Toxic loans and what the new accounting standard might mean

By Lecturer Alistair Millar

9 February 2016

The 2008 financial crash is history and nothing to do with my ICAS course, right? Not exactly. Changes that were put in place in the wake of the banking collapse are yet to be adopted, but you need to know about them.

What’s IFRS 9?

IFRS 9 is one of the latest international accounting standards to be updated and issued afresh. It deals with the complex area of financial instruments (financial assets, financial liabilities, equity instruments and derivatives). Financial assets include the likes of cash, trade receivables and investments in equity or debt. Financial liabilities include, for example, loans payable. Equity instruments include ordinary and preference share capital.

What’s likely to happen with IFRS 9?

Should the European Union endorse the newly updated IFRS 9, as is widely expected, strict impairment requirements will be placed upon companies who hold financial assets.

Companies will be required to be forward-focussed when considering potential impairments (or expected credit losses) on their financial assets. The current situation is that they wait for objective signs of impairment – that is, an event actually taking place which shows their financial asset to be worth less.

The move from incurred loss to expected loss - which could happen in 2018 – means that banks will account for the possibility of losses before they actually happen, which should help to keep banks properly capitalised for the loans they have made and make it less likely that they have overvalued assets on the balance sheet.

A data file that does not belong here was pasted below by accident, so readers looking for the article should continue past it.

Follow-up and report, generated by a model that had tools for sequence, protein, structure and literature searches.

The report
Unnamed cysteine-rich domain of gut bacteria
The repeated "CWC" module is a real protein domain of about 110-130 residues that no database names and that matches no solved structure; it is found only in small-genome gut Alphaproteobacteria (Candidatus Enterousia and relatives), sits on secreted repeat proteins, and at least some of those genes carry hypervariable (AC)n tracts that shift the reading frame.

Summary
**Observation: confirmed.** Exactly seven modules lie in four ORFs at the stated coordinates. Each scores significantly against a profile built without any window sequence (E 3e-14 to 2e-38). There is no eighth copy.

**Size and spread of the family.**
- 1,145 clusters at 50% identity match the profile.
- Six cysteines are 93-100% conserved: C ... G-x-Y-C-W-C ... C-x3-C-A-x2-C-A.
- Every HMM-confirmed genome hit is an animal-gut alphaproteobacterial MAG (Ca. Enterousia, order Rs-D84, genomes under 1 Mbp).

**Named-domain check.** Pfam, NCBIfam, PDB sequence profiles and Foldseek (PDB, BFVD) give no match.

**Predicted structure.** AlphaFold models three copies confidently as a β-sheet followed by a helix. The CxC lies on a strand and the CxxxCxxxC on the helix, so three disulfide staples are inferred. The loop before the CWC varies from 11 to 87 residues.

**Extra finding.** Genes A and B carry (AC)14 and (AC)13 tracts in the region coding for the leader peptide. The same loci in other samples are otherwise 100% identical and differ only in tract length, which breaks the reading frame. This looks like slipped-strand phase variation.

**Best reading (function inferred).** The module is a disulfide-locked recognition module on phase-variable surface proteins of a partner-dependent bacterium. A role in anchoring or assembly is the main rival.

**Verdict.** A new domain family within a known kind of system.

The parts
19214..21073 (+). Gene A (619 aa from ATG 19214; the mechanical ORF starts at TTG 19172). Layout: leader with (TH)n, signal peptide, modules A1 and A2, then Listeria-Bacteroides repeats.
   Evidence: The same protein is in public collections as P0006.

This means that we can hopefully avoid some of the pitfalls of the financial crisis

This means that we can hopefully avoid some of the pitfalls of the financial crisis – like the financial institutions that had billions of dollars of investments in ‘toxic’ assets such as mortgages and loans receivable, which all of a sudden were wiped off the face of the balance sheet.

Instead of one sudden write-off, companies should be providing for (potential) expected credit losses right from the inception of an investment. The impact of credit losses on companies should be predicted, and therefore, less drastic if or when they do occur.

Why do I need to know?

In the Financial Reporting section of Test of Professional Skills, you will be spending a whole day discussing financial instruments – using IFRS 9 amongst other standards. We will also discuss derivatives during the Financial Reporting course.

You will be told in class which elements of IFRS 9 to concentrate on. Financial instruments are a highly complex area in practice, but, don’t worry as we will only be covering a portion of the standards and at a relatively high level. You won’t cover the more complex issues that companies face.

A recent New York Times article discusses the potential danger that is lurking around the globe from large amounts of “toxic” debt that has not been accounted for.

In theory, it makes sense for banks to swiftly recognize the losses embedded in bad loans

The journalist says: “In theory, it makes sense for banks to swiftly recognize the losses embedded in bad loans…”

If IFRS 9 is endorsed, companies in Europe will have to recognise the losses embedded in bad loans and, as you can see, both long and short-term effects will be significant.

However, the figures in the accounts will only be as good as the predictive models for losses used by companies.


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